Your College Ticket
You are thinking summer, summer, summer. Your parents are thinking college, college, college. Think of BBYO Passport as the best of both worlds. Each Passport program is full of informal educational experiences, community service opportunities, and the kinds of cultural interactions that will expand your horizons. In other words, in addition to being a great notch on your resume, the Passport experience will be inspiration for a standout college essay.
Read this recent New York Times article:
For a Standout College Essay, Applicants Fill Their Summers
You have heard it over and over again: getting into college is hard! Admissions counselors wade their way through thousands of applications, SAT scores, and teacher recommendations -- all trying to figure out which applicant stands out the most.
While admissions officers clearly pay a great deal of attention to test scores and transcripts, those numbers do not paint the full picture of the applicant. What does it really all come down to? The college essay – your big chance to move your application from the "maybe" pile to the "YES" pile.
Earn College Credit on ILSI!
Passport to Israel is offering an opportunity to obtain college credits to teens taking part in our ILSI program. Incoming and graduating high school seniors can qualify to earn up to three college credits through a special partnership with Gratz College. Contact us for details about this exciting option for making the most of your summer in Israel.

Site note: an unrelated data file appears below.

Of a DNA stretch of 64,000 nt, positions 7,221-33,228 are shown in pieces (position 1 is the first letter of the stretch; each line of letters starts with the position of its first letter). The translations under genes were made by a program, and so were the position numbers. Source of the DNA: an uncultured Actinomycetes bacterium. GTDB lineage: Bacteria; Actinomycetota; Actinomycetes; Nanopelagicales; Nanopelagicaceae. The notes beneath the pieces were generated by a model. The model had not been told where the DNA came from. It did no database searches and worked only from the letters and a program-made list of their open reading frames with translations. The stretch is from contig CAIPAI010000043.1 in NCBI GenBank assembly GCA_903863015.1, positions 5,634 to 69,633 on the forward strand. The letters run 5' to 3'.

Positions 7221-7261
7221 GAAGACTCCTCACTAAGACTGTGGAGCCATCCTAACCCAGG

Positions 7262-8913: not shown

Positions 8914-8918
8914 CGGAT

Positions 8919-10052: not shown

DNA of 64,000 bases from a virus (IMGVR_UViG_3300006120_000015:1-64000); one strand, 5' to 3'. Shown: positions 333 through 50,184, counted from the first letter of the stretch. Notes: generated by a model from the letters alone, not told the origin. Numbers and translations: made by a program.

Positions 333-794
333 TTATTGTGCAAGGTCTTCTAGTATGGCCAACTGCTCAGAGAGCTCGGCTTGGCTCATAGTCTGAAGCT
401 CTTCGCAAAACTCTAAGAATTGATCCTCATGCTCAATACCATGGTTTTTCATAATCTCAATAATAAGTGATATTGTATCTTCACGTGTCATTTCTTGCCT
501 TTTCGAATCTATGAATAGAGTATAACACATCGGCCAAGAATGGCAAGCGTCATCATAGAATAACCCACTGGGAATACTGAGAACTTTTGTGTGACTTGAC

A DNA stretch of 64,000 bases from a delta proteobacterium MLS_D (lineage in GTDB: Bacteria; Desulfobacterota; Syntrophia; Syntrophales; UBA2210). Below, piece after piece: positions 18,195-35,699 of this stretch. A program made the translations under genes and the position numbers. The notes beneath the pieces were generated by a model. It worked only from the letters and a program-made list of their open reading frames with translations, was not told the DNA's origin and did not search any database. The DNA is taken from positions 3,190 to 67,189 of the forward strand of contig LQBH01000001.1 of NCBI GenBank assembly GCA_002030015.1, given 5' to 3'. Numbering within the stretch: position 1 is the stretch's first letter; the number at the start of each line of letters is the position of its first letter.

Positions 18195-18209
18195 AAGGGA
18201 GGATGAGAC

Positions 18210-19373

Tips for a College Essay Inspired by Passport to Israel
Keep It Personal
Your essay should have one single theme. For example, perhaps your theme is a passion for change. Highlight this theme through several examples of how you, single-handedly created change: like the one pine tree that you planted in the hills of Jerusalem whose cones will lead to the growth of a forest overtime. "I saw how one seedling, one tree, could alter the whole hilltop. Then why shouldn't I, one person, change my hilltop, my world?"
"I'm captain of the basketball team, editor of the yearbook, and president of the student council." Yawn. They already saw that on page two of your application! Don't list what you've done; tell them who you really are. There's a big difference between an obvious statement of opinion and letting your personality and views unfold in the details. Rather then spending your summer life-guarding at the pool, you grappled with the challenges of income disparity in South Africa or contemplating the enduring message of the Holocaust in Europe.
Write What You Want to Say, Not What You Think They Want
Admissions officers already know how awesome their school is, how important the environment is, and how one day you want to be President. An essay about a 2:00am conversation on the meaning of life in a Bedouin tent in the Negev desert is something they might not have seen before.
Don't be afraid to expose yourself. If you went though a life-changing event, share it. Those experiences shape who you are. Perhaps something as simple as watching the sunrise over the ancient hilltop of Masada caused some intense inner reflections. Or maybe listening to the words of David Ben Gurion declare the independence of the State of Israel in a small art gallery in Tel Aviv caused something to awaken inside you. Write it. Tell them. They want to hear it.